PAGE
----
Oswiecim, Poland As Nazi death doctor Josef Mengele drained her left arm of blood while filling her right with poisons and germs -- sending her into the hospital and what Mengele told her would be certain death -- Eva Mozes Kor vowed to survive. That was 1944.
Thursday, standing on an ice-covered patch not far from where Mengele had mocked her coming end, she smiled.
"Just look at all of us," the 70-year-old resident of Terre Haute, Ind., said, sweeping a hand toward hundreds of fellow survivors, seated on plastic chairs and chatting 40 yards from the ruins of one of the notorious gas chambers.
"Here we are, 60 years after the Nazis were defeated, after almost all of the old Nazis are gone, and here we are, standing and celebrating 60 years of freedom."
In bitter cold and a blowing snowstorm that brought back memories of how hard it had been to survive in this place, thousands of survivors joined dozens of world leaders, including Russian President Vladimir Putin, French President Jacques Chirac and Vice President Dick Cheney, to mark the 60th anniversary of the liberation of the Auschwitz death camp.
The anniversary, both a celebration of life and a remembrance of the dead, may well be the last such commemoration that will include a large number of the survivors. Kor wore a bright blue coat and bright red scarf because, she said, "Auschwitz is such a dreary place, not so bad now as then, but it needs some color."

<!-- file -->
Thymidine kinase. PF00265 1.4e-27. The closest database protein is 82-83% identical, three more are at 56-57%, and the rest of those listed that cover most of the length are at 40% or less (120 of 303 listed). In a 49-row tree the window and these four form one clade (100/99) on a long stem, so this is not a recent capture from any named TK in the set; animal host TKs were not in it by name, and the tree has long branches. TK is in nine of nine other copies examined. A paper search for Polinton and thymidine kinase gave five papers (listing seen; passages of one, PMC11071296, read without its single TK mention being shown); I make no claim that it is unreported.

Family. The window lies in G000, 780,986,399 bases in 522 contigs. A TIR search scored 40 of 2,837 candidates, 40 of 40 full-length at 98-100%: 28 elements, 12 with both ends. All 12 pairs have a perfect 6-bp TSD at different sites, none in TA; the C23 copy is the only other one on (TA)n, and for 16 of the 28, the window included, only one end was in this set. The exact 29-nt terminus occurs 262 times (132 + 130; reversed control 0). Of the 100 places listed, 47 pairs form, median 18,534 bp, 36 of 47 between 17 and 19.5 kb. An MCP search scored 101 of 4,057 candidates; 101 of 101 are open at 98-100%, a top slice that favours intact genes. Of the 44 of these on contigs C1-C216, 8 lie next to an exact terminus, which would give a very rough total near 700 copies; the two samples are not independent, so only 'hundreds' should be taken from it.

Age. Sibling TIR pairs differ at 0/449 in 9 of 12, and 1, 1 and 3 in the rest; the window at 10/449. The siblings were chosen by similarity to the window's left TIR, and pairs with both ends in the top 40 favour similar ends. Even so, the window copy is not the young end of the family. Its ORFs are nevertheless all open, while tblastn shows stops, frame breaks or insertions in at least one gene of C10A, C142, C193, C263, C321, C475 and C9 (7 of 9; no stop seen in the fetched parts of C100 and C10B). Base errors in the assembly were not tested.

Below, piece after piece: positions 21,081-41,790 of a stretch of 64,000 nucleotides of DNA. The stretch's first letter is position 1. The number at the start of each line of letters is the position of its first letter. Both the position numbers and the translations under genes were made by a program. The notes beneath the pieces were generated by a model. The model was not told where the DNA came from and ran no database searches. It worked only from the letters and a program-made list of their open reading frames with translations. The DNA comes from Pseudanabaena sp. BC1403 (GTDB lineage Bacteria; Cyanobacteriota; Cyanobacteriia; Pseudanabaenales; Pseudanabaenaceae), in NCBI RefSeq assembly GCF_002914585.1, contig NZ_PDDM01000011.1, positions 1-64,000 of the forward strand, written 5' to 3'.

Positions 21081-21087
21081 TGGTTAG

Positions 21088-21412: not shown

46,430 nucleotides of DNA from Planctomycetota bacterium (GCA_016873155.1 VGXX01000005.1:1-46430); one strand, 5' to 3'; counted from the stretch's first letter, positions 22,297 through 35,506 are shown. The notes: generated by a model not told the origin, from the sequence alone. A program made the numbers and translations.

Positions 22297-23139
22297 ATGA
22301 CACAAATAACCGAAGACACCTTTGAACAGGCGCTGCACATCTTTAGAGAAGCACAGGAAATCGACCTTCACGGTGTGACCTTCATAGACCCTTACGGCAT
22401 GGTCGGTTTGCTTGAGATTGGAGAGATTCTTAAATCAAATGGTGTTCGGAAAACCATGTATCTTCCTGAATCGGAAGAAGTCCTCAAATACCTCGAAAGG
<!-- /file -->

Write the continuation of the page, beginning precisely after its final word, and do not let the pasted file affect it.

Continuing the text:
Ukrainian President Viktor Yushchenko lit a candle in honor of Ukrainians who died here -- and for his father, an Auschwitz inmate who survived.
The ceremony began with the sound of train wheels screeching to a halt, a grim reminder that this was how the horrors of Auschwitz began for its victims.
"Most of them were sent to the gas chambers right upon arrival, their only guilt being that they were born Jews," noted former French Minister of Culture Simone Veil, an Auschwitz survivor, recalling how Mengele motioned new arrivals left or right as they stepped onto the "selection platform." The choice sent them either into a world of starvation, slave labor and struggle to survive, or to instant death.
In the 60 years since the Soviet Army liberated the camp, with its 7,000 still-living inmates, she said she had never been able to shake a single thought:
"What would have become of them, of this million of Jewish children, murdered in their infancy or in their youth here or in ghettos or in other death camps? Would they have become philosophers? Artists? Great scientists? Or perhaps just skilled craftsmen or mothers of families? All I know is I keep crying when I think about them, and that I will never forget them."
A central point of the observance was to make sure the world never forgets.
Yushchenko, whose father was prisoner number 11307 according to the tattoo on his chest, noted, "Only the pain and the memories will give us the wisdom and strength to ensure that forever and ever, these doors to Hell remain closed."
For the survivors there was satisfaction in being alive.
"I never imagined I would outlive Adolf Hitler or survive World War II," said Wladyslaw Bartoszewski, a Pole sent to Auschwitz a year after the Nazis swept across his country. It was September 1940.
Kor, who last saw her mother, father and a sister on the Auschwitz selection platform, was kept alive because she had a twin, and Mengele experimented on twins. Thursday, she clutched a photo of the two of them holding hands, in inmates' stripes, on liberation day, Jan. 27, 1945.
"It is different returning now," she said. "I show up in the morning, and I know that I can leave when I wish."
Then she smiled. "To be honest, I plan on coming back on the 100th anniversary. Wouldn't the Nazis have loved that?"